The Minimum Amount of Running Necessary to Stay Fit

Molly Hurford
by Molly Hurford
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The Minimum Amount of Running Necessary to Stay Fit

Right now, you may not have time, be motivated or be able to get in the kind of run volume you’d like. The good news is if you already have a running base, it doesn’t take much to maintain it or even make improvements. Case in point: Western States 100 winner Clare Gallagher typically runs less than 60 miles weekly and was still able to win one of the biggest (100-mile) ultra races in the world.

If you’re a new runner, any time you can spend out on the roads or trails is time well spent. Even if you can only partially stick with your training plan, try to keep some kind of running routine going. Five minutes of jogging (or walking) in the morning is better than nothing and keeps you in the running habit so it’s easier to get back to it when you can run more again.

Here’s what you need to know about just how little you can run to stay at the level you’re currently at in your journey.


A 2010 study showed minimal training time can keep your running base intact. Reduced training load included two 40-minute aerobic training sessions each week, with a few minutes of strength training twice a week. So for less than 90 minutes total per week, elite athletes were able to maintain most of their fitness.

Note: There’s no magic mileage threshold, rather, it’s about time on your feet. That’s because a 40-minute run for a serious racer could mean 6 or 7 miles, while for a newer runner, getting 2 miles done in that same time is a victory.

So, aim for at least two 40-minute runs each week. Sprinkle in 5–10 minutes of strength training (i.e., essential bodyweight exercises like pushups, lunges and air squats) two times each week as well to maintain your fitness.


For a longtime runner, you have roughly three weeks away from running entirely before you start to lose your running fitness. That same 2010 study showed the difference between a massively reduced training load versus taking time completely off was noticeable after just a few weeks. Those who stopped training entirely lost more maximal aerobic power as well as strength. Both the reduced-training and no-training groups also saw an increase in body fat percentage.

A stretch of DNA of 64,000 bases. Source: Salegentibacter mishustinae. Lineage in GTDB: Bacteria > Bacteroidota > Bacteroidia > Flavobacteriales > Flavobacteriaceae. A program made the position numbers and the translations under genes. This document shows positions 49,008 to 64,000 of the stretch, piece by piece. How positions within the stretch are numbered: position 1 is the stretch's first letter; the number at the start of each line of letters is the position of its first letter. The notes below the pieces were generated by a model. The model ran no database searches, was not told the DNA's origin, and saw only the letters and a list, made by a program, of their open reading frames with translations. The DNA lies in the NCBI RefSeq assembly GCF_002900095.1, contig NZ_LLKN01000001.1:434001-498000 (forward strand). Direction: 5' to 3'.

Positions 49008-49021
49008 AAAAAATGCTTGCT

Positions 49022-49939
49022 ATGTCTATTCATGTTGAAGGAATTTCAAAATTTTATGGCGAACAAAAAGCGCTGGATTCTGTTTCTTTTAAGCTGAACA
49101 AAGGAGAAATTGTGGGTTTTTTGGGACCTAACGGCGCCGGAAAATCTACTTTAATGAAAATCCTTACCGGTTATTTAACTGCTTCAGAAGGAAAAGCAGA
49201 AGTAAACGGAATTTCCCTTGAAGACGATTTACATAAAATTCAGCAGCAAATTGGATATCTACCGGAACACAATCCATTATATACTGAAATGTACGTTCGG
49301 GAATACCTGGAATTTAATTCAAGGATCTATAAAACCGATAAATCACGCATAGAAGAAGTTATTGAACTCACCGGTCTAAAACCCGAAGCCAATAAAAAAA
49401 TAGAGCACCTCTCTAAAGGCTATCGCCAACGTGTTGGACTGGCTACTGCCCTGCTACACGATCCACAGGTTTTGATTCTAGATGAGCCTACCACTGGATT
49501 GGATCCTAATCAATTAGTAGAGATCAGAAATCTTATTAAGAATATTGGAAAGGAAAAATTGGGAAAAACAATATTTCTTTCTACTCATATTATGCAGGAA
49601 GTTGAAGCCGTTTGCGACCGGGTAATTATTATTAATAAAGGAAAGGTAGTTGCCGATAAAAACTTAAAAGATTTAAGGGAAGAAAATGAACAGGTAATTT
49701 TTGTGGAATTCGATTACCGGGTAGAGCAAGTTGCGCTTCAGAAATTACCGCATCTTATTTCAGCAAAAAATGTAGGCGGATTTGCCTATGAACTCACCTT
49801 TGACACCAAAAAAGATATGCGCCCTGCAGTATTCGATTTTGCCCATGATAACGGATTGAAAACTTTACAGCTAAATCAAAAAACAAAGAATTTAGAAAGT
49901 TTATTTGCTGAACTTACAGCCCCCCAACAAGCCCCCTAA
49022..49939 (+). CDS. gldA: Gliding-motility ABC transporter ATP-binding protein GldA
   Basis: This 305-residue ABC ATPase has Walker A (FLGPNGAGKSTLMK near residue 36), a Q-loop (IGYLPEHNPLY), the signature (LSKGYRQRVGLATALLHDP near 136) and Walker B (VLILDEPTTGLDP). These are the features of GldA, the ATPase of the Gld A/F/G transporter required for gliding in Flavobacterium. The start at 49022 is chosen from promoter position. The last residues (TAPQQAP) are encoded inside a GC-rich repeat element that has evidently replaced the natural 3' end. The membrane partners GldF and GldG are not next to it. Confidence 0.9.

If you have to take a break from running due to injury and are feeling like you’re losing all of your fitness, don’t panic. It will come back, as long as you’re motivated to get back in the running routine. Walking, yoga, swimming and in-home resistance training are all fine alternatives if you simply can’t get out for your run — just try to get sweaty for at least 40 minutes.

It may not feel like you’re doing enough, but stay calm. Every little bit helps: Research has shown strength gains made in our younger years pay off in big ways later in life, even if we take a prolonged break from training.

In fact, reducing the training load right now might be a good idea. Research has shown athletes experience a decrease in their immunity and an increased risk of developing an upper respiratory infection during heavy training blocks. (And increased stress and symptoms of depression can also lead to upper respiratory infections.) So, even if you have the time, you may not want to be pushing any limits right now.

READ MORE: The Stages of Detraining and How Long Running Fitness Lasts


If you’re new to a running program, you’re more at risk for losing your fitness and struggling to come back to running, both from the physical and mental perspective. So even if you can only partially stick with your training plan, try to keep some kind of running routine going right now.

New runners may want to drop back to run/walking, or swap runs for brisk walks, but still aim for the consistency of doing 40 minutes of work two times a week. Something is always better than nothing since, as a new runner, you may not be at risk of losing too much running fitness yet. Rather, your greater risk is you’ll ditch the running habit and not come back to it when you do have time and ability to run again. Studies have shown the easier you make a habit, the more likely you are to do it, and part of making a habit easier comes with repetition.


While 40 minutes two times each week is a great target, consistency should be your primary focus. If you can’t fit in 40, then lace up those sneakers anyway and do 5 minutes of jogging in the morning. It’s better than hitting snooze and keeps you in the running habit so it’s easier to get back to it.

About the Author

Molly Hurford
Molly Hurford

Molly is an outdoor adventurer and professional nomad obsessed with all things running, nutrition, cycling and movement-related. When not outside, she’s writing and podcasting about being outside, training and health. You can follow along with her adventures on Instagram at @mollyjhurford.


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